The issues that I will cover in this article and the cases I would like to describe make for uncomfortable reading. But I believe that it is important to record the torture at Abu Ghraib prison and elsewhere in Iraq and to deconstruct the culture that accommodated and legitimated it, because what happened cannot be relegated to a mere footnote in the history of the region. I feel the same about Halabja and the chemical warfare employed by Saddam Hussein with the sponsorship of the “international community,” which is why I covered it in my other writings.1 I do not want to be misunderstood as arguing that the cultural context I will explain here is all-encompassing, that the U.S. presence in international society is singularly destructive, and that the “West” as an idea is nothing but “intoxicating.”2 What I say is much more confined. I am arguing that Abu Ghraib could not have happened without a particular racist current in the United States, that the individuals who committed the atrocities against the detainees were not isolated, and that they were part of a larger constellation with its own signifying ideational attitudes toward Muslims and Arabs. Those are the general claims that I would like to qualify in the following paragraphs | more…

Reclaim the Neighborhood, Change the World

Sudhir Alladi Venkatesh, Off the Books: The Underground Economy of the Urban Poor (Cambridge, MA: Harvard University Press, 2006), 448 pages, hardcover $27.95.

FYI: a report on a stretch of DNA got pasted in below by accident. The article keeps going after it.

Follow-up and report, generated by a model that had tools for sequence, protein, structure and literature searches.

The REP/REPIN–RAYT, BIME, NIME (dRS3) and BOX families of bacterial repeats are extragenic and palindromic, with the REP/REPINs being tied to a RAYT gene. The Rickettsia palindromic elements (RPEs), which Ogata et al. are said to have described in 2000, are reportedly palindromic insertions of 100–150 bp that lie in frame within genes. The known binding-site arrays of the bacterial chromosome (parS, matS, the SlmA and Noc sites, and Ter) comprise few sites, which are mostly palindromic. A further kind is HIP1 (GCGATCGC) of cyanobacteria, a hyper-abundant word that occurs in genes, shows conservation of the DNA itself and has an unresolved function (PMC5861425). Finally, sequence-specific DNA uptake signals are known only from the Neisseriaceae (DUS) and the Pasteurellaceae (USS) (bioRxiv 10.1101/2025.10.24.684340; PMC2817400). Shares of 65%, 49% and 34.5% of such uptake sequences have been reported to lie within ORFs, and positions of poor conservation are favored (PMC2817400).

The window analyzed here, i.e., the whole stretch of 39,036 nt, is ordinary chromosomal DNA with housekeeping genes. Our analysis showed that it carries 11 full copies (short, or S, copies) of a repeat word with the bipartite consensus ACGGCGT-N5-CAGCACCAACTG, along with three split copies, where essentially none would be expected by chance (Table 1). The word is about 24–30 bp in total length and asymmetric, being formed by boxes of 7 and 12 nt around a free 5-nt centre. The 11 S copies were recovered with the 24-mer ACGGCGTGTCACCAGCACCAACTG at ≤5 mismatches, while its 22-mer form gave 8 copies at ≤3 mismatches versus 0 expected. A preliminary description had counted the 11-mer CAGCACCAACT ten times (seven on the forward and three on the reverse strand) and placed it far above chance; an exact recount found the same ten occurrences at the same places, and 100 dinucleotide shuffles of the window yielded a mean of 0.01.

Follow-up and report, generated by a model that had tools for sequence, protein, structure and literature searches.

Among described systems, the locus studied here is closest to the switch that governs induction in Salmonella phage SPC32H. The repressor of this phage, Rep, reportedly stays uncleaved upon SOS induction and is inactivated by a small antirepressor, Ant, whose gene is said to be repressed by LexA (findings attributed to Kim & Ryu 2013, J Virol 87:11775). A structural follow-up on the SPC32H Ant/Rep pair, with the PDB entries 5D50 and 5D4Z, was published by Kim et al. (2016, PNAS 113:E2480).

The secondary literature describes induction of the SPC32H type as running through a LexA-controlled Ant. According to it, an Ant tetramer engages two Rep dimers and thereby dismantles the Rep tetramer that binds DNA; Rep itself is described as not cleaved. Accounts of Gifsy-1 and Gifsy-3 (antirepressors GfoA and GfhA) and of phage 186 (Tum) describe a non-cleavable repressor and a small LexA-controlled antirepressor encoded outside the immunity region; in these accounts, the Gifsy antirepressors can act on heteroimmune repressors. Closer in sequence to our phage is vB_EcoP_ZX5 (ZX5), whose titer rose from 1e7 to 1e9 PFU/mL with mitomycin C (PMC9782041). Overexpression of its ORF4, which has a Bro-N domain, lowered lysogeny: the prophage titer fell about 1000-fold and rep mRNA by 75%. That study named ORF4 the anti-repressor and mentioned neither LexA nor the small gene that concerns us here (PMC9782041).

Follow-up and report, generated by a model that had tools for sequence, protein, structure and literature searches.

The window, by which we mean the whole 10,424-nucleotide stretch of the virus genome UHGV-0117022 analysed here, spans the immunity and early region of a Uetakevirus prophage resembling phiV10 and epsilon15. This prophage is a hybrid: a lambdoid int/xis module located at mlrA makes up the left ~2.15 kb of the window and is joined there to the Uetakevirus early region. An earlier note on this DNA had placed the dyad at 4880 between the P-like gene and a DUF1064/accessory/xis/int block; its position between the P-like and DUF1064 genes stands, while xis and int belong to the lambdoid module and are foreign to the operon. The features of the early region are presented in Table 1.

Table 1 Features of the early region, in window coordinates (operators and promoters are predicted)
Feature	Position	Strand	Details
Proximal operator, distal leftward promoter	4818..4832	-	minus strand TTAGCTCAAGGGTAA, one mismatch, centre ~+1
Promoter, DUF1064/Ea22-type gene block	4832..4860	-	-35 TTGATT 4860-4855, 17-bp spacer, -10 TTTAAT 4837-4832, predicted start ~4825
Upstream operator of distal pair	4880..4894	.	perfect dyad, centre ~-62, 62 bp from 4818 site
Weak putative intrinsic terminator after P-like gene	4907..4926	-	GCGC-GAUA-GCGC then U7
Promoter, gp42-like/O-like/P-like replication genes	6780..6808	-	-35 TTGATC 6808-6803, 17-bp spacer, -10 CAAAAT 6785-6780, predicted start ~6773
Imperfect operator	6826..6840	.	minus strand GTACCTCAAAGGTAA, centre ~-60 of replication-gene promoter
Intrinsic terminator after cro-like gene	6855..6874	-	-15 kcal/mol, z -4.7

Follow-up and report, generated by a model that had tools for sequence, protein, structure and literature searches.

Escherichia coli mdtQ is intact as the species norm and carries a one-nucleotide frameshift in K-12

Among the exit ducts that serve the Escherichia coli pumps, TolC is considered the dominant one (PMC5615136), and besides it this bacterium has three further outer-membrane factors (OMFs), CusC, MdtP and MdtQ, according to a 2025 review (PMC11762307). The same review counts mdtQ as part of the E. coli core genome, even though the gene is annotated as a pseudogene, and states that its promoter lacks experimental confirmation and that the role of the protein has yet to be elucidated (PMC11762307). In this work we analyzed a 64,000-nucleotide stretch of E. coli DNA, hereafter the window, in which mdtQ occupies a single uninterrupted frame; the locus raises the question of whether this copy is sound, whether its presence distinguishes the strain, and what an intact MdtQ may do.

In 1988, the National Urban League reported, “More blacks have lost jobs through industrial decline than through job discrimination.” For a civil rights organization, this was a remarkable observation. Born in the era of Jim Crow racism, the Urban League championed the aspirations for upward mobility among urban African Americans. When banks refused to lend money to black entrepreneurs or when municipalities failed to service the black community, the Urban League intervened. One of the demands of the Urban League was for public goods to be shared across racial lines. While the organization was not on the frontlines of the civil rights struggle, it would have been a major beneficiary of the movement’s gains. But the tragedy of the civil rights struggle was that its victory came too late, at least thirty years late. Just when the state agreed to remove the discriminatory barriers that restricted nonwhites’ access to public goods, the state form changed. Privatization and an assault on the state’s provision of social welfare meant that it was not capable of providing public goods to the newly enfranchised citizens. At the same time as the state retreated from its social welfare obligations, the industrial sector in the U.S. crumbled in the face of globalization. Industrial jobs, once the backbone of the segregated black communities, vanished | more…